Sri Lanka was the last of my overseas assignments for my humanitarian photography before I move into my UK based wedding work for this year. As things stand at the moment I will be heading out to Guatemala in October so I have plenty of time here in the UK to focus on weddings and other work.
This blog post is a duplication of one I posted on my Visioning Images website a few days ago but I know there are different readers here on this blog who are still interested in my humanitarian work.
I was looking forward to this particular assignment in Sri Lanka for Outreach International, firstly because my wife Linda was accompanying me on this trip and secondly we were going to tag a week’s holiday onto the end, hence the title of this blog post ‘A Trip of Two Halves’. It was so good to have Linda with me, partly as it meant she could see some of the amazing things I am privileged to experience with my work but also because she could help me record some of the information gathered from the field. The first week was spent around Puttalam on the western coast of the country, visiting three different communities where Outreach International have been working. To be honest, I didn’t know too much about their work in this particular place before I went but I was amazed at how much had been achieved in such a short period of time. As always, the highlights of the week were meeting some of the individuals who have participated in and benefited from their work of pulling themselves out of poverty.
Here are a few photos from that first week, more will follow soon.
After our time in the communities around Puttalam we travelled south to a small coastal town of Hikkaduwa near Galle for a relaxing few days. In many ways it was difficult to reconcile the two aspects of the trip, the first being spent amongst the poor, listening to their stories and seeing the conditions of their difficult lives whereas the second week we were at a comparatively luxurious location, living a life that those people we met only a few days before could only dream of. It was however, an opportunity to see more of this gorgeous country and meet some other Sri Lankans.We decided to travel south just as the locals would…by train. It was certainly an experience but it was well worth the extra time it took. The train journey itself took over 3 hours and cost us a whopping £1 each!! Okay, the train was basic and we definitely wanted to stay clear of the so-called toilets but it cruised just a few metres away from the coastline enabling us to take in some fantastic views. If anyone is planning on going to Sri Lanka I would seriously recommend using the trains. There’s not much else to say about the second week as we spent the vast majority of the time relaxing beside a pool except for the day we headed out in a tuk-tuk to Galle and some surrounding sites. We certainly relaxed and enjoyed some wonderful Sri Lankan hospitality, hopefully it won’t be too long before we can return to Sri Lanka.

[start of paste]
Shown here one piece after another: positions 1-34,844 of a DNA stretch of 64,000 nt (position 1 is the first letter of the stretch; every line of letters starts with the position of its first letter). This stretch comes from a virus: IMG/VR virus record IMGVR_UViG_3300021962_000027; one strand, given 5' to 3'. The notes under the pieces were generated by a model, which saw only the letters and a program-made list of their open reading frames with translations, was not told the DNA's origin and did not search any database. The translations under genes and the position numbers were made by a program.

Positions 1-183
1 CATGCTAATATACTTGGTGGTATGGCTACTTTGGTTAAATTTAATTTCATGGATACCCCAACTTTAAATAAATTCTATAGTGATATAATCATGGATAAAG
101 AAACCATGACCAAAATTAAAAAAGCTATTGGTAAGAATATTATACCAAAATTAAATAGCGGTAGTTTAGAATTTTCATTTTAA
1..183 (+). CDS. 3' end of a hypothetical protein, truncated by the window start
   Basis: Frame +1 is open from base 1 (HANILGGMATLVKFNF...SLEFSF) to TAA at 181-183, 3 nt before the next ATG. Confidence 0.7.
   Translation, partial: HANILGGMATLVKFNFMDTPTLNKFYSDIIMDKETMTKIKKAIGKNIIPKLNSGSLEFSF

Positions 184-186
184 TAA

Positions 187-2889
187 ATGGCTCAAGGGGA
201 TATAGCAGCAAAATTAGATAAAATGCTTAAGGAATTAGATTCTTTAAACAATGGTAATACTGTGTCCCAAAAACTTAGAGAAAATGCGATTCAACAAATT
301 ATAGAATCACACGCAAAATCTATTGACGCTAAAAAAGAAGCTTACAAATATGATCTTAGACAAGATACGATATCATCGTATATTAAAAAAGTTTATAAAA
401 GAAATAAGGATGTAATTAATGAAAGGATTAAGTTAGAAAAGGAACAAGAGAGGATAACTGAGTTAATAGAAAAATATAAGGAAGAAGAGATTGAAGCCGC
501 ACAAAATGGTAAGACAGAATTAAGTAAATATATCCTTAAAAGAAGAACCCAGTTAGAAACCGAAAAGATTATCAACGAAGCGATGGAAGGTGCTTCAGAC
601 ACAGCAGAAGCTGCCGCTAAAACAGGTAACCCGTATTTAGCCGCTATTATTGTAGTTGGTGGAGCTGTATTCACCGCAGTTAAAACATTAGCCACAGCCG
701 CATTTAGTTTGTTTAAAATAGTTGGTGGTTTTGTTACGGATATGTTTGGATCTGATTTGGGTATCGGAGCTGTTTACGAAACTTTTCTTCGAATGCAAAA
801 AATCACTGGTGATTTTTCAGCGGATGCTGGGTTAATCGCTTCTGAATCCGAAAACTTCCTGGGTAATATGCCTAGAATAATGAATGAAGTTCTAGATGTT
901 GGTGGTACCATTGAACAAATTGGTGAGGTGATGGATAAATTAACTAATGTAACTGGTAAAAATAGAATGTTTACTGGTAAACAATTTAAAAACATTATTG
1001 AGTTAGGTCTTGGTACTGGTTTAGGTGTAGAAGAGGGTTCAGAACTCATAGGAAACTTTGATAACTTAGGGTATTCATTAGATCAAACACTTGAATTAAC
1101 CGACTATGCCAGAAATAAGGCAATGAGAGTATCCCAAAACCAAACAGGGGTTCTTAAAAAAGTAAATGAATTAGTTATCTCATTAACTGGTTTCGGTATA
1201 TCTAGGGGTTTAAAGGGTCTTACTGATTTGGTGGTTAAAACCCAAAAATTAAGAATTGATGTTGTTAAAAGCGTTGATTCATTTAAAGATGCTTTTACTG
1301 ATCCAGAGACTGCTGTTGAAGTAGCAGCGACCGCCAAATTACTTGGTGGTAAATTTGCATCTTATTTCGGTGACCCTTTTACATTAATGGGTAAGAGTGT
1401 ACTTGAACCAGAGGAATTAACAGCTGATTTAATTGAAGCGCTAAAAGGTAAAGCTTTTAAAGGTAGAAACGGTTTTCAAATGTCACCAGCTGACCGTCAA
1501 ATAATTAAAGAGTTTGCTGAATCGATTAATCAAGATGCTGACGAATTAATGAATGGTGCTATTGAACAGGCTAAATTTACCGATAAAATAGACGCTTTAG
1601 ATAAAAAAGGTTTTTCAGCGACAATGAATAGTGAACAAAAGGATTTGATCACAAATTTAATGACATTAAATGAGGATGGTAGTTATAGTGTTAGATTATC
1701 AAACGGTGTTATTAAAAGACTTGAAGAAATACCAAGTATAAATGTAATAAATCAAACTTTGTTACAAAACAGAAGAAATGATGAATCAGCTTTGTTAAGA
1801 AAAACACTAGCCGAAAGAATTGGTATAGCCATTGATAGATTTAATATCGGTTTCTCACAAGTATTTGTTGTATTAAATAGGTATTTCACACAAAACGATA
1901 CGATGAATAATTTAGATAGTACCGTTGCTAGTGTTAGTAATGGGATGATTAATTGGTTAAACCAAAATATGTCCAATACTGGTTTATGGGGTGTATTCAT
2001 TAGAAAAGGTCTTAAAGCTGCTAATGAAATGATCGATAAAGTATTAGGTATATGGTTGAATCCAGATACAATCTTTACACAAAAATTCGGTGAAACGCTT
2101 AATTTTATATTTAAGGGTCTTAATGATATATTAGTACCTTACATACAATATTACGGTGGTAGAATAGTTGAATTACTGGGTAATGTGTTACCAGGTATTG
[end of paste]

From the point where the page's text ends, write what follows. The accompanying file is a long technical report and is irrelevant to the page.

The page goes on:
I purposefully didn’t take too many photos that second week but I couldn’t resist firing a few shots on the train and also the stilt fisherman and Japanese Buddhist Temple around Galle.
Humanitarian photographer – Wayne Rowe / Visioning Images & Copyright by Outreach International.